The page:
The spectator stands were empty.
The arena echoed with cries and grunts.
Large clouds of dust enveloped the air, barely revealing the lanky yet sturdy group of boys and girls who were fighting their designated opponents. Covered in dust, there was no telling the difference between the son of a carpenter from that of royalty. But it was also known that none would take on Arjuna alone. In one corner of the vast arena, there were four circling the young prince of Wagharr, each one taking cautious jabs at the vigilant teenager.
Arjuna caught a wrist, then pulled hard while kicking his opponent in the face. He took a few blows on the stomach, but swiveled and jumped to lock a head between his legs while throwing a swift punch at the nearest nose he could find. He landed awkwardly enough to injure a boy’s shoulder. When he rose to his feet, all four opponents were on their knees, gasping for air.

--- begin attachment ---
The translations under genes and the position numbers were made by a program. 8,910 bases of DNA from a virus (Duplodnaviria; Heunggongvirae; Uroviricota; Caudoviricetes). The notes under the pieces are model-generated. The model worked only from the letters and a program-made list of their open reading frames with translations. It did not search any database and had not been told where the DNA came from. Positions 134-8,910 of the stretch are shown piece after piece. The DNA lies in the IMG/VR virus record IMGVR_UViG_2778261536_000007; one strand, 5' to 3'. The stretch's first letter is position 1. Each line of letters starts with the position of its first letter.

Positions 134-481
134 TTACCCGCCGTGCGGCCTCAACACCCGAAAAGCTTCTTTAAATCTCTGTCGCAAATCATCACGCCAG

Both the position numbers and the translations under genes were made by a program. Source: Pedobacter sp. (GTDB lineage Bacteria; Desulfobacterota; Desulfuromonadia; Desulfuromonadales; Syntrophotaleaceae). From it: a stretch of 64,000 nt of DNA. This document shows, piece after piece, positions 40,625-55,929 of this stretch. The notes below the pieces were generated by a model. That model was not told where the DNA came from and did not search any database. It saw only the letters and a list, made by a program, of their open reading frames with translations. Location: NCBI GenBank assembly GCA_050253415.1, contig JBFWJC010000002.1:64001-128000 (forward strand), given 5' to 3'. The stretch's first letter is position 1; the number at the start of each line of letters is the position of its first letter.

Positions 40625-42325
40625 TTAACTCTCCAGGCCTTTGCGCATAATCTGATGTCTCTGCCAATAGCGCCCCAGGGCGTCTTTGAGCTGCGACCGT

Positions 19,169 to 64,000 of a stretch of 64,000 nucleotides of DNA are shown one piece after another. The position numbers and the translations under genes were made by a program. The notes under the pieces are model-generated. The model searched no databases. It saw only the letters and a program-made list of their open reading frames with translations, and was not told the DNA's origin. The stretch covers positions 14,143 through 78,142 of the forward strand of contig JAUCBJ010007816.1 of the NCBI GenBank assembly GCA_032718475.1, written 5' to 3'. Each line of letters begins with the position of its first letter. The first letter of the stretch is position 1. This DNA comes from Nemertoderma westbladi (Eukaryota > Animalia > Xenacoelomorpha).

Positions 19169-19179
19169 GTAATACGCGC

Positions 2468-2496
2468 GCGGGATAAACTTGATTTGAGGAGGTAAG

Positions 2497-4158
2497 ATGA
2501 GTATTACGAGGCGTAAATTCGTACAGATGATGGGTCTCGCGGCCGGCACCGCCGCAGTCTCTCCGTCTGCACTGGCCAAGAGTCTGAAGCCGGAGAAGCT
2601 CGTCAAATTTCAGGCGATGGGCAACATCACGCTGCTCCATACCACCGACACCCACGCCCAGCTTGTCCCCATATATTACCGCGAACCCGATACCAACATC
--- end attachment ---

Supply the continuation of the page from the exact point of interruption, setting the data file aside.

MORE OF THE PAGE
Arjuna recognized the silhouette of their teacher, Bhavanu, emerge from behind the clouds of dust. He bowed immediately with joined palms, trying to catch his breath, smiling at his accomplishment.
“I have seen blind men fight better than that,” Bhavanu said as he walked by, without even a passing glance.